U.S. Officials Advocate a Shorter Covid Isolation and Quarantine Period
Health officials in the United States on Monday reduced the length of time that asymptomatic Americans who contract the coronavirus must be isolated from 10 to five days, and they also reduced the length of time that close contact must be quarantined.
In a statement, authorities from the Centers for Disease Control and Prevention stated that the warning is in line with accumulating data indicating people infected with the coronavirus are most infectious two days before and three days after their symptoms appear.
The decision was also influenced by a recent spike in COVID-19 cases, which was attributed to the omicron form.
In preliminary studies, it appears that coronavirus omicron may produce milder diseases than previous variants of the virus.
However, experts warn that the sheer number of people who become infected — and who must be isolated or quarantined as a result — threatens to cripple the ability of hospitals, airlines, and other organizations to continue operations.
According to Rochelle Walensky, Director of the Centers for Disease Control and Prevention, the country is set to see a large number of omicron cases.
“Not every one of those cases is going to be life-threatening. As she explained to The Associated Press on Monday, “many people will be asymptomatic.”
“We want to make certain that there is a mechanism in place that allows us to safely maintain society’s functioning while adhering to scientific principles.”
Last week, the agency relaxed guidelines that previously required healthcare workers to miss a total of 10 days of work if they tested positive for a prohibited substance. Workers might return to work after seven days if their tests came back negative, and they were not experiencing any symptoms, according to the revised recommendations.
In addition, the agency stated that if there are acute staffing shortages, isolation time could be reduced to five days or even less.
Now, the Centers for Disease Control and Prevention (CDC) is revising the isolation and quarantine guidelines for the general public to be even less rigorous.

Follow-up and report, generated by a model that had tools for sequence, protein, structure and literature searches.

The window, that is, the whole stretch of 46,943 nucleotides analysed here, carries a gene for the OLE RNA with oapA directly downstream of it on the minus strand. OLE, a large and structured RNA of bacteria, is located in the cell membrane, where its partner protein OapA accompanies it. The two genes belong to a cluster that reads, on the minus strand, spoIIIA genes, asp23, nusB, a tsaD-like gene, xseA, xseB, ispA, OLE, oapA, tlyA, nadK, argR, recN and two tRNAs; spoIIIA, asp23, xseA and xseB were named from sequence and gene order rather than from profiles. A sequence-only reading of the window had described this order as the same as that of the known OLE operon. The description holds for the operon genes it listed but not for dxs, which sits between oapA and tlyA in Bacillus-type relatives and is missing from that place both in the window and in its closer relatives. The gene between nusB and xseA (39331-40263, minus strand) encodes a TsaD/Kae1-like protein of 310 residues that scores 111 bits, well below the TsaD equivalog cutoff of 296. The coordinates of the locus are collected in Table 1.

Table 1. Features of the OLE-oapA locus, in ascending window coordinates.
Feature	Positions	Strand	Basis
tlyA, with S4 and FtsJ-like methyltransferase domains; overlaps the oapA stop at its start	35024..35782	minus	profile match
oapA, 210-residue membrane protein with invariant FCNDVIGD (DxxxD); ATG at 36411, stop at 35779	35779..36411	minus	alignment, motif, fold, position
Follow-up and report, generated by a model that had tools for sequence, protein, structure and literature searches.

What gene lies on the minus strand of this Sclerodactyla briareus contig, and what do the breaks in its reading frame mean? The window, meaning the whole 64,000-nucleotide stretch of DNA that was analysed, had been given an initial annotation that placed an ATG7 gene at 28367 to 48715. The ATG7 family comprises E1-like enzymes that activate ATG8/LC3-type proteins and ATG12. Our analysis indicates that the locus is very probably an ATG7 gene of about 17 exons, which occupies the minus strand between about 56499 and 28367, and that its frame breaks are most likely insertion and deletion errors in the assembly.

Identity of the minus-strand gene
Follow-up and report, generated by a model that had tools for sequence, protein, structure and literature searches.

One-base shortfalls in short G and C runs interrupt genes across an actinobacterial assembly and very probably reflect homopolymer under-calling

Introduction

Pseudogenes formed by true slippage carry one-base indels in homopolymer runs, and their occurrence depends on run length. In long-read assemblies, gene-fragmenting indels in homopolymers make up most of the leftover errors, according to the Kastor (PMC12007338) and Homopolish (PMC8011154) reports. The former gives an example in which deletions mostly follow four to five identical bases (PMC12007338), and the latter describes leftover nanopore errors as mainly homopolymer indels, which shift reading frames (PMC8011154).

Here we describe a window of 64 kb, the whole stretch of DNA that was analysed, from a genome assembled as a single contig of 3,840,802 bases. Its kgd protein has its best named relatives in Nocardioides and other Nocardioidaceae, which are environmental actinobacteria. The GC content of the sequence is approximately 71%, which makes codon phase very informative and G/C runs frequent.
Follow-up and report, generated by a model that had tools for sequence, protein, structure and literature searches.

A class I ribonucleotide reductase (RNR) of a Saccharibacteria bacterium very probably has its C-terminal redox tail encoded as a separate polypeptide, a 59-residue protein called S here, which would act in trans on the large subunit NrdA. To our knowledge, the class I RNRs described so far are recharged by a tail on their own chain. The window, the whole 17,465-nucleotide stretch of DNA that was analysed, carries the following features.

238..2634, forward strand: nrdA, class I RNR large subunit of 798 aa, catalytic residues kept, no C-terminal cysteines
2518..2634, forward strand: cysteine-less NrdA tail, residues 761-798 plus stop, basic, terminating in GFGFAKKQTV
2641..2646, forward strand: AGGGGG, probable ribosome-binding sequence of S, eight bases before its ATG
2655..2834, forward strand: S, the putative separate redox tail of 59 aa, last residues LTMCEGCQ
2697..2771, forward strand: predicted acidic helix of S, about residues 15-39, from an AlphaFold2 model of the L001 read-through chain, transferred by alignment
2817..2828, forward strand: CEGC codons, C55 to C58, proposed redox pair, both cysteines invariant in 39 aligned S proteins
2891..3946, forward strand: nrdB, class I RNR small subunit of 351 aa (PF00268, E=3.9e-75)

It is intended for people who are not experiencing symptoms to make the change. People who experience symptoms during isolation, or who acquire symptoms during quarantine, are advised to remain at their residence.
Public confusion over the Centers for Disease Control and Prevention’s isolation and quarantine recommendations has increased, and the new recommendations “come at a time when more people are testing positive for the first time and looking for guidance,” according to Lindsay Wiley, an American University public health law expert.
Despite this, the information continues to be difficult to understand.
The isolation restrictions apply only to those who have been infected. There is no difference in outcomes for persons who are not vaccinated, who have only partial vaccinations, who have full vaccinations, and for those who have been boosted.
These are the words of those who claim to be experts in the field:
—The clock begins ticking the day after you test positive.
—Instead of the previously advised ten days of isolation, an infected person should be placed in isolation for five days.
—If you have no symptoms at the end of five days, you can resume your normal activities. However, you must wear a mask everywhere you go, including at home where others are present, for at least another five days.
—If you are still experiencing symptoms after five days of isolation, stay at home until you feel better, and then begin your five-day period of wearing a mask at all times again.